Friday, 25 May 2001


This morning, news of Vermont Senator Jim Jeffords’ defection from the Republican Party pushed energy issues off the front pages of most papers for the first time in weeks. Jeffords’ move, and the seismic Senate committee shake-up it will trigger, should also help knock some of the wind out of the sails of the Bush administration’s oil- and coal-friendly energy plan.

Not all of today’s news was good, though. The Boston Globe reported that an Interior Department advisory panel is recommending that the administration reexamine the current moratorium on offshore gas drilling on Georges Bank, off the coast of New England. Fished, and then overfished, for hundreds of years, Georges Bank is one of the most important natural resources in the U.S., and it is just too valuable to risk damage from drilling. The threat serves to remind us that this ill-informed energy plan isn’t just bad for the atmosphere, our climate, and the Arctic National Wildlife Refuge, but also for a host of other critical natural areas and ecosystems. You can check out some of the other threatened areas and listen to a cool new radio advert at the Wilderness Society website.

Memorial Day weekend is fast approaching, and you can see the difference on the roads around Portsmouth. Traffic is getting heavier as the tourist season gets off to a lumbering start. Soon, there will be a steady flow of gas-guzzling SUVs heading up Interstate 95 to the lakes and mountains. Tourism is a mainstay of the northern New England economy, but most of the people who leave their automobiles to paddle the lakes or hike the trails probably don’t give much thought to the environmental impacts of the gasoline they burned to get there. But when they have a hard time seeing through the summer haze from the mountain overlooks, they should have pause for thought. If, as predicted, global warming results in more days over 90 degrees in summertime, the problem will only get worse, and smog alerts will become more frequent. There is growing evidence to show that hiker health is affected by smog.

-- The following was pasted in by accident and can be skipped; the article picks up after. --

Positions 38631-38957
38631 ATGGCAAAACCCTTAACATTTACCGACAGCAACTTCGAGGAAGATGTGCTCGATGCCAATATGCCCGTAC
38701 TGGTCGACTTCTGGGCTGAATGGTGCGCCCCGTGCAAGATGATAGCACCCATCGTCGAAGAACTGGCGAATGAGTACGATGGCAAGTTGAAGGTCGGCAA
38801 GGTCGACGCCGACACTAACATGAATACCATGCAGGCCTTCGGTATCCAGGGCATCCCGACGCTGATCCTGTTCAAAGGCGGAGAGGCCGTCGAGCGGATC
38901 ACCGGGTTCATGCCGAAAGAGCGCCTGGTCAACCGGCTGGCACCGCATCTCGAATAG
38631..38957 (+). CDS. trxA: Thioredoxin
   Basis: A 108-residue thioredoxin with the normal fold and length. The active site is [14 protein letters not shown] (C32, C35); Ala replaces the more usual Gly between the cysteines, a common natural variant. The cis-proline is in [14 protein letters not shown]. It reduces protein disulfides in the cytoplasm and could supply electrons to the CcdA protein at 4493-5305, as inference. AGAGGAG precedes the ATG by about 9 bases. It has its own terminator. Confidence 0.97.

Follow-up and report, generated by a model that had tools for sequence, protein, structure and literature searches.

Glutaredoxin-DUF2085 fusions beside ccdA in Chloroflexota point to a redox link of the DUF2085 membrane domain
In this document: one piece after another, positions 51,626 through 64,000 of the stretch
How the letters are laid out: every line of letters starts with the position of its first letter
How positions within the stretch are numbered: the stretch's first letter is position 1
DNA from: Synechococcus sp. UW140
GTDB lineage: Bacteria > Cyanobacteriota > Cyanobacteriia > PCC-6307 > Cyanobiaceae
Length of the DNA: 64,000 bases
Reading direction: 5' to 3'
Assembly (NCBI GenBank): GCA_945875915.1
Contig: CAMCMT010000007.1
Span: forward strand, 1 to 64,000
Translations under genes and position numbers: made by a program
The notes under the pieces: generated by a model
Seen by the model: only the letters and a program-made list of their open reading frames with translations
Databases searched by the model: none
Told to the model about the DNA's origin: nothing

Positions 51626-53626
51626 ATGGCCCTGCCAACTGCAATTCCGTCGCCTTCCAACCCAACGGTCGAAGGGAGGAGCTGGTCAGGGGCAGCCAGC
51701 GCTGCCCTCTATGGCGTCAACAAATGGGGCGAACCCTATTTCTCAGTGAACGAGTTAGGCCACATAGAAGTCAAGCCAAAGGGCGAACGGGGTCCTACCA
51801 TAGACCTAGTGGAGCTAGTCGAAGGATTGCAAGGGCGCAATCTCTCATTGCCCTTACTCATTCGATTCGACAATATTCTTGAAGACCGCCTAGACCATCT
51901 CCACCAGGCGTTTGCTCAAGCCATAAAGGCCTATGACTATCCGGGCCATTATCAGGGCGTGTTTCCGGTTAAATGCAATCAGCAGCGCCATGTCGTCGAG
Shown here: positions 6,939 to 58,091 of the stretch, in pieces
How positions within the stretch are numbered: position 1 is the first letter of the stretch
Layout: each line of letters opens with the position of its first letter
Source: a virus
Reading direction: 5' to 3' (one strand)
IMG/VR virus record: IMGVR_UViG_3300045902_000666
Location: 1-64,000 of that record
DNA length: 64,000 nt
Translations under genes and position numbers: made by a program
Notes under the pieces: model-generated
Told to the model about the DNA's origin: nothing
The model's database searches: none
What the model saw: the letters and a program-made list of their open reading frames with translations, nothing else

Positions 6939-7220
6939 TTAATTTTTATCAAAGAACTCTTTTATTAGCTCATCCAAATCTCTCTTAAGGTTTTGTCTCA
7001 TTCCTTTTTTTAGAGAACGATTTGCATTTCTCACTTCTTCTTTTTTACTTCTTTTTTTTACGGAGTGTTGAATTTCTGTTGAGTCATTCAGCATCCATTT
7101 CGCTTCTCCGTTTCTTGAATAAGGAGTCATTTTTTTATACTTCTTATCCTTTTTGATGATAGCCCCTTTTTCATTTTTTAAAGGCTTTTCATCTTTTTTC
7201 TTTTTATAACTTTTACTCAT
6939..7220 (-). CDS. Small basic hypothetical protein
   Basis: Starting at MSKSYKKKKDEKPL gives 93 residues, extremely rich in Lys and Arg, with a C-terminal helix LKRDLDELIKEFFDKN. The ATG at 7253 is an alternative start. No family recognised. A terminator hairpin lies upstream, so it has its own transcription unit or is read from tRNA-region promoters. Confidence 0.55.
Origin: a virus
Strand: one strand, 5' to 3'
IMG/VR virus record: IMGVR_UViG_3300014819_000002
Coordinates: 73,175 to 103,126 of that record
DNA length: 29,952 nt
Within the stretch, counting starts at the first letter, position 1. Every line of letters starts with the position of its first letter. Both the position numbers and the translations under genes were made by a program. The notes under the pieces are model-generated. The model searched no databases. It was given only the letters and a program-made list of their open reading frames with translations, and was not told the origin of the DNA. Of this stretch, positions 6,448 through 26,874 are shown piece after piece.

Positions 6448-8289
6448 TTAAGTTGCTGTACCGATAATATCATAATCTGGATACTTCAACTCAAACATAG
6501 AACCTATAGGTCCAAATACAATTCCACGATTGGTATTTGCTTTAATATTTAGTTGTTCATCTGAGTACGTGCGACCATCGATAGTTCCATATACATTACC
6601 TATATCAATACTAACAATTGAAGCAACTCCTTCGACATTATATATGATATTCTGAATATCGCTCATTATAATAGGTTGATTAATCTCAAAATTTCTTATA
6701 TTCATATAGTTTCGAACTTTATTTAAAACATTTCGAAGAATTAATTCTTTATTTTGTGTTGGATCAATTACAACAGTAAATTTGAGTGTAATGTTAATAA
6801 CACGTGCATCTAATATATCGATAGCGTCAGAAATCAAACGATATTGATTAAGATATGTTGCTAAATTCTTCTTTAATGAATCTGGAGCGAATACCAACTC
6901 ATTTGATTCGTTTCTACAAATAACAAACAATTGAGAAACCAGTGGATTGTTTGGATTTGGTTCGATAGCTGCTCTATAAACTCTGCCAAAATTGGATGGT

Some communities are acting to reduce vehicle emissions. Propane-powered Island Explorer buses on Mount Desert Island, Maine, have become a hugely popular way to visit Acadia National Park. The buses, which are about to begin their third season, helped avoid more than 50,000 car trips in the year 2000. Inland, Burlington, Vt., has developed a comprehensive climate action plan that includes tra
nsportation options such as initiating new commuter rail links, increasing bike and pedestrian facilities, and utilizing electric and natural gas vehicles in municipal fleets. There is a growing awareness that we need clean and efficient vehicles — and less of them — on the roads.

The week is winding down, and as it does, I’m coming to the end of my diary contributions to Grist. I’ve enjoyed sharing these last days with you. Next Tuesday we’re hosting a small reception to celebrate the first anniversary of Clean Air-Cool Planet opening its office in Portsmouth. On Wednesday, we have our quarterly board meeting, and after that it’s back to the daily business of building partnerships to reduce carbon emissions and spreading the word about all the good stuff that is going on. Make no mistake about it, there’s a revolution brewing in New England. But tomorrow is Saturday, and the biggest decisions I have to make are if I should set the tomatoes out in the garden and which beach Vicky and I should visit with Tessa to look for starfish.

Have a great weekend.